The Visitor Information Centre on Broad Street. Picture by Ed Nix

Stuck between a rock and a hard place, the coronavirus epidemic has hit the Oxford Literary Festival like a freight train. Without cancellation insurance and with £170,000 worth of tickets to refund, the future of one of Oxford’s most famous annual events is in jeopardy.

Yet the organisers aren’t giving up without a fight and they need your help.

Oxford Literary Festival director Sally Dunsmore explains: “The stark alternatives are to go into immediate liquidation and no-one will receive any refunds or to try to keep the festival going, recognising that we are in no position to offer refunds,” she says.

“We would therefore be grateful for any festival-goers who felt able to consider their tickets as a donation to the future of the festival. We are extremely grateful to those of you who have already confirmed gifts. We are also looking at how we might credit ticketholders for future events.”

Picture by Ed Nix

She explains further: “Most festival costs are incurred in the year running up to the festival. In common with many small arts and culture organisations we have never been able to afford cancellation insurance. Pandemic cover was hardly available.

“The festival has sometimes made a surplus, but this has been offset by many years when we just broke even or made a loss.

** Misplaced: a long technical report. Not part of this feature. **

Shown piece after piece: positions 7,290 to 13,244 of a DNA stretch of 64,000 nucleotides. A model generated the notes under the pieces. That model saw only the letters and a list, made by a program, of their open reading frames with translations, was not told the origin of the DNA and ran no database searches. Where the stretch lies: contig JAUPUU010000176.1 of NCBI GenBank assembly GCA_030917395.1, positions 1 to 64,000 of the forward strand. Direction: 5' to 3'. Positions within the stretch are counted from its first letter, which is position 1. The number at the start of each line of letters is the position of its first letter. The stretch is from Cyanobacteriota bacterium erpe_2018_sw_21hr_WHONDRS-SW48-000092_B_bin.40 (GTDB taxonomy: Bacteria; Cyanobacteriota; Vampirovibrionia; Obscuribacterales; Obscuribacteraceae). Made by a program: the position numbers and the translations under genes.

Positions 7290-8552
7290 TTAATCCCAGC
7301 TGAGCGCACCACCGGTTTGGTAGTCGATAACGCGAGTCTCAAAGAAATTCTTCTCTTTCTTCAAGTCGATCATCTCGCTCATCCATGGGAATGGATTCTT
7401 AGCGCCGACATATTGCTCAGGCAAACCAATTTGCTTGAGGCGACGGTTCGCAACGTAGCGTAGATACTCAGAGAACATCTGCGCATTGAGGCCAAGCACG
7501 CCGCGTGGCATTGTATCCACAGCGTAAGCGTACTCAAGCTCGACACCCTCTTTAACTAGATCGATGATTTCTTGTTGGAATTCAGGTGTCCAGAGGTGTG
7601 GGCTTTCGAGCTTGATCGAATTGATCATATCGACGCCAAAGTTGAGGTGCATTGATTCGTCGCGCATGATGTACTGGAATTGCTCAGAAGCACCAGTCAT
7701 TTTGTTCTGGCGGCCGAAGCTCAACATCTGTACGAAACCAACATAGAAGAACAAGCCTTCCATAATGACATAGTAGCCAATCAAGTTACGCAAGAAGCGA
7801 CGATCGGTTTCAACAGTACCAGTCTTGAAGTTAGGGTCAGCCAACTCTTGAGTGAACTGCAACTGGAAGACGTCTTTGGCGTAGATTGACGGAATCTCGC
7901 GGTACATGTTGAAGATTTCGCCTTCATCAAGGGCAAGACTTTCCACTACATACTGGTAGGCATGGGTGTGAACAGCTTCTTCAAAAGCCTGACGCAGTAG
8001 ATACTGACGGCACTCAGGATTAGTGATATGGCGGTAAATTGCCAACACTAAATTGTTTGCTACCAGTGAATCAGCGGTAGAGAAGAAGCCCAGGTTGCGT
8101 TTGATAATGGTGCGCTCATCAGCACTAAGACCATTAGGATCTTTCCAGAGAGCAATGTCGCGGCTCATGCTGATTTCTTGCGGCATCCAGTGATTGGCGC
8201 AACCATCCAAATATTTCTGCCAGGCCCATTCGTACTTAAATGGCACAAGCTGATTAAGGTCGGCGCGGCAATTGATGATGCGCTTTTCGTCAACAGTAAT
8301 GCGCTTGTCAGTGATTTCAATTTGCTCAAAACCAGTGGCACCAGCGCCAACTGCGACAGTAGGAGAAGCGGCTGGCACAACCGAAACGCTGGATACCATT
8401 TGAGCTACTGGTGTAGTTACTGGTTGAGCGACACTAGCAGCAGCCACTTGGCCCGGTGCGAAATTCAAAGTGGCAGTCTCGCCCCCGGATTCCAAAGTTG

“We have been sustained by a small number of generous supporters, who have made long-term interest-free loans. We have no endowment and we are the only one of the big four UK literary festivals (the others are Hay, Edinburgh and Cheltenham) to receive no public funding.

“Until early last week, only seven events had been cancelled and all ticket buyers affected had been reimbursed. Reimbursement continued until Friday 13 March.

“Official advice was to proceed as normal. Speakers had re-confirmed their intention of coming, and it looked as though the festival just might be able to take place.

“However, as the week progressed, it became clear that festival venues were likely to be closed to public events, speakers from overseas and many from the UK would not be able to travel, and the government was likely to ban large-scale public events.

“In common with many arts and commercial organisations in the UK, the festival was caught in a perfect financial storm.

Picture by Ed Nix

“We had sold tickets worth £170,000 and were expecting to see a further £100,000 in sales between mid-March and the end of the festival.

“We are now faced with a debt to ticket holders of £170,000 and no prospect of being able to refund it.”

So what next? “It will take us time to work through all the options,” Sally says “which could include launching a fundraising appeal. We are determined to make every effort over the coming months to stage a series of events in late 2020 and early 2021 if the public health and financial circumstances allow it.

Picture by Ed Nix

“We have been extremely moved by the extraordinary number of proposed and former writers and speakers who have already pledged their support for the festival.

“A 2021 festival could be held in early autumn of next year and we hope to soon have news of a new date in the autumn for one of this year’s big Sheldonian events.

“With your kind support, we can survive and bring you a programme later this year or next year.”

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